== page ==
With fluoroscopy, less x-ray radiation is used and then projected onto a monitor via an amplifier so that the result is directly visible. In general, there is no permanent X-ray, but rather fast x-ray pulses are sent out. This allows the amounts of radiation to be reduced.
A fluoroscopy is more radiation-intensive than an X-ray image, depending on the fluoroscopy time.

Computed Tomography:
The Computed tomography (CT) is a special examination that developed from the X-ray examination. We have dedicated a separate chapter to this topic.

Contrast media:
X-ray contrast media are liquids that cannot be penetrated by X-rays. The result is that the image contrast increases. Contrast media are used in special issues disc prolapse, Intervertebral disc diseases and often used in the search for bone tumors partly in combination with computed tomography.
Please also read our topics:

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  • Contrast media
  • MRI with contrast agent


Risks of an X-ray examination

X-rays are so-called ionizing rays. Ionizing rays damage the genetic material (DNA).
Due to natural radiation, we are exposed to ionizing radiation every day. The harmfulness of X-rays essentially depends on the location of the X-rays used.
Hands and feet are comparatively insensitive to radiation, while images of internal organs are more radiation-intensive.

The risk and benefit of a diagnosis are carefully weighed up in each case.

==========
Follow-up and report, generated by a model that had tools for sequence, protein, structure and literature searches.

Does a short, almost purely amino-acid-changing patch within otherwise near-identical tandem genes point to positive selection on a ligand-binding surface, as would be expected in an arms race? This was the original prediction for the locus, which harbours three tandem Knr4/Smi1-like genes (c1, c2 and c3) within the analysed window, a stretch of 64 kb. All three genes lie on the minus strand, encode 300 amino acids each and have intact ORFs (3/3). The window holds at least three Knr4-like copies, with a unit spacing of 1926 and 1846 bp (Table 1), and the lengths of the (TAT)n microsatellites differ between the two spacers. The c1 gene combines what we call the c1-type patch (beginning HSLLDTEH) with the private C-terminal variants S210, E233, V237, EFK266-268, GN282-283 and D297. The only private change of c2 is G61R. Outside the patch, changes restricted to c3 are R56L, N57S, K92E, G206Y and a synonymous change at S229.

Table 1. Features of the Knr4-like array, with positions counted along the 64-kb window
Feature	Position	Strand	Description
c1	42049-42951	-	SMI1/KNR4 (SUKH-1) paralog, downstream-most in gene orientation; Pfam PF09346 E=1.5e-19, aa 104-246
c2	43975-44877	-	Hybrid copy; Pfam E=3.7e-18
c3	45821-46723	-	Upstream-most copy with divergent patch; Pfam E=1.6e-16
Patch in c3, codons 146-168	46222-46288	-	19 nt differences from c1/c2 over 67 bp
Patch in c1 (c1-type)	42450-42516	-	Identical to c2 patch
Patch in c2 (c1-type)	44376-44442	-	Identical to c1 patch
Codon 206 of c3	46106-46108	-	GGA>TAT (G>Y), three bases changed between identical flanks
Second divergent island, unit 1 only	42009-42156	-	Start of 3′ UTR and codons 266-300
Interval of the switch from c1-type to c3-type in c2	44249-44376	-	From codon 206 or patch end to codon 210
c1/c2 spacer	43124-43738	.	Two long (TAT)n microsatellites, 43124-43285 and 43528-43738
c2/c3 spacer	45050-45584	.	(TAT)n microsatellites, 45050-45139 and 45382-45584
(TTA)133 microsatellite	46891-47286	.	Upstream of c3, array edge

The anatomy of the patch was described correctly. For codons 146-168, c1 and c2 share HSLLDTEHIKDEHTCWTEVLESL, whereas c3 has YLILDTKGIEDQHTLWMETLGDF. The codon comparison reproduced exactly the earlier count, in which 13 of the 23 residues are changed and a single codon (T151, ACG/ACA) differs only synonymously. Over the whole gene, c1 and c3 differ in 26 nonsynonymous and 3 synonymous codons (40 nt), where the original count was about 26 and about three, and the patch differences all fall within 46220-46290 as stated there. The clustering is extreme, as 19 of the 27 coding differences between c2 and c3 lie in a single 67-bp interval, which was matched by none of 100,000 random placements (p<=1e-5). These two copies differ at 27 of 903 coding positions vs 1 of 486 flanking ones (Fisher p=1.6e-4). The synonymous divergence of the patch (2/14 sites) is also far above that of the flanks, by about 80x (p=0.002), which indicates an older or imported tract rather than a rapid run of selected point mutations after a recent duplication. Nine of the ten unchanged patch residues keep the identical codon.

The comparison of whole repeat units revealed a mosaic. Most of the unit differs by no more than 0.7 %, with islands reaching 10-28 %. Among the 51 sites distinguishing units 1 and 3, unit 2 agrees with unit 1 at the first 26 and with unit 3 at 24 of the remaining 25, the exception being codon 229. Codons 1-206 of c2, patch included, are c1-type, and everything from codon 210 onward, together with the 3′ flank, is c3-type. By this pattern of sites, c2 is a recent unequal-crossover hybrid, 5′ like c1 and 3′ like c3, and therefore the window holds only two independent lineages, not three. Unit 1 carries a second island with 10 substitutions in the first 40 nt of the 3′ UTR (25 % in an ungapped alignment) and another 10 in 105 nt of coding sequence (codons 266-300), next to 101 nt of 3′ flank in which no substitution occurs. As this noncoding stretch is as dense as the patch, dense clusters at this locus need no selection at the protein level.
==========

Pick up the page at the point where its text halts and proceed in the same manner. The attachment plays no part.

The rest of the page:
Particularly in the case of an existing pregnancy, the indication for an X-ray examination must be carefully checked.

In summary, the radiation risk of x-ray examinations is usually overestimated. The low radiation exposure should be compared with the risk of an overlooked disease.

Also read our topic: X-ray examination of the child


X-rays in orthopedics are used, for example:

  • Broken bone
    • Femoral neck fracture
    • Broken wrist
    • break of collarbone
    • Ankle fracture
    • Etc.)
  • Osteoarthritis of the joints
    • Knee osteoarthritis
    • Hip osteoarthritis
    • Thumb saddle joint osteoarthritis
    • Etc.)
  • Back pain
    • Degenerative spinal diseases
    • Facet syndrome
    • Bone tumors
    • Etc)
  • Incorrect stature (scoliosis, kyphosis, etc.)
  • osteoporosis


The procedure of an X-ray examination is generally known. You should remember to remove all metallic objects (jewelry) so as not to endanger the assessment of the X-ray image.

Side effects

The X-ray represents an extremely important step in the diagnosis of many diseases. For this reason, this form of imaging has become an integral part of everyday medical practice. Nevertheless, the decision to take an X-ray should not be taken lightly and the respective indication should be carefully considered. In addition, particular care should be taken to ensure that no duplicate recordings be made. This problem exists mainly in the area of Dentistry.